Traffic delays are costing the economy £752 million each year through lost working hours, new research has found.
Over 123 million working hours are spent sitting in traffic jams and congestion, with the average motorist delayed by 27 minutes at least once a month.
It was also found that more than one in 10 of those who drive to work say they are at least 40 minutes late if they get stuck in traffic.
Many motorists are now choosing to adapt their working hours in order to avoid heavy traffic. Over half of motorists are choosing to start work at 8:30am in a bid to beat the jams.
One in five people are even opting to start as early as 5:15am, with one in eight choosing to work late rather than sit in traffic.
Tony Chilcott is Head of Churchill Car Insurance, which carried out the research. îIt’s incredibly frustrating for motorists to have to adapt their working hours just to avoid congestion on the roads,î said Chilcott.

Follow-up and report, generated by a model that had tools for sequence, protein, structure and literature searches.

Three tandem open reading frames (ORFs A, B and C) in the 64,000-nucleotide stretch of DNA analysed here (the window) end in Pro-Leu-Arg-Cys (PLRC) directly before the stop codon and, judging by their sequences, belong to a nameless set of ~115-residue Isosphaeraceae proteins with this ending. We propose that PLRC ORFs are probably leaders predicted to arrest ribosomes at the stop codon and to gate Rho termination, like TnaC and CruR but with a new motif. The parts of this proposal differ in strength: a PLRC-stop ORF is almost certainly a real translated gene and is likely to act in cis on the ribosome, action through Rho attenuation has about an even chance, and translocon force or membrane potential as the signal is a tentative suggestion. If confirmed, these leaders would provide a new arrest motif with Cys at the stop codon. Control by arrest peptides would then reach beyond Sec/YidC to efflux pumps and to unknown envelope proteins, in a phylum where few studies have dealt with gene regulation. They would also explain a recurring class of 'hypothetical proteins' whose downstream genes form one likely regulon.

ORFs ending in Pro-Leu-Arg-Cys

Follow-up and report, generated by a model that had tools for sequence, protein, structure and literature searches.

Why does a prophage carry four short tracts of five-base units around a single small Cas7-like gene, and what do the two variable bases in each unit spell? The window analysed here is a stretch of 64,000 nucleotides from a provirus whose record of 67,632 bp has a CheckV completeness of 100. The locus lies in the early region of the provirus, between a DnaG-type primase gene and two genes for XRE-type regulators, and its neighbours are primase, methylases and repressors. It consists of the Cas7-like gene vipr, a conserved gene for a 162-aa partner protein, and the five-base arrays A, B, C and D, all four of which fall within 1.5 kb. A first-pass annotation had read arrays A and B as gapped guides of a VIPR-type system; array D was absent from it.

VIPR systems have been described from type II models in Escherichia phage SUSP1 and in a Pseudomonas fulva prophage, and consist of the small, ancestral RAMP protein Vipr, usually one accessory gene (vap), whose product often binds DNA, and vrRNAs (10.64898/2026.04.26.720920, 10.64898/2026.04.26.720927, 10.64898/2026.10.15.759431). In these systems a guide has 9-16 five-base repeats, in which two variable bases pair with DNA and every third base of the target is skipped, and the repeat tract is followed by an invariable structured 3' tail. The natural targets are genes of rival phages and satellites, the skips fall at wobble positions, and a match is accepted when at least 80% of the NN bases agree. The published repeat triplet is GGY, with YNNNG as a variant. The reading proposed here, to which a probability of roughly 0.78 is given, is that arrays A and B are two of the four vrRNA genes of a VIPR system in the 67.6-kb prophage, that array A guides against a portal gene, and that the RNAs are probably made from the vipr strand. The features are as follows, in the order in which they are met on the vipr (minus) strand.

ìHowever, many drivers have to accommodate the school run and other commitments in the mornings, so it’s simply unrealistic to leave home at the crack of dawn. The result is millions of working hours wasted in traffic jams each year.î
The research comes as it was found recently that many parents are willing to break driving laws in order to get their children to school on time.
Accident rates are highest during school run times, but 31% of dads and 19% of mums say they do not stick to the speed limit during this time.
A further 13% say they have parked illegally when dropping their children off, and 8% even admitted not buckling themselves or their children up, in an effort to save time.
Gerry Barrett is from the Post Office, which carried out the survey. He said: ìParents are often up against it to get their kids to school on time, and as the mornings get darker they might find the school run more of a struggle than usual.î
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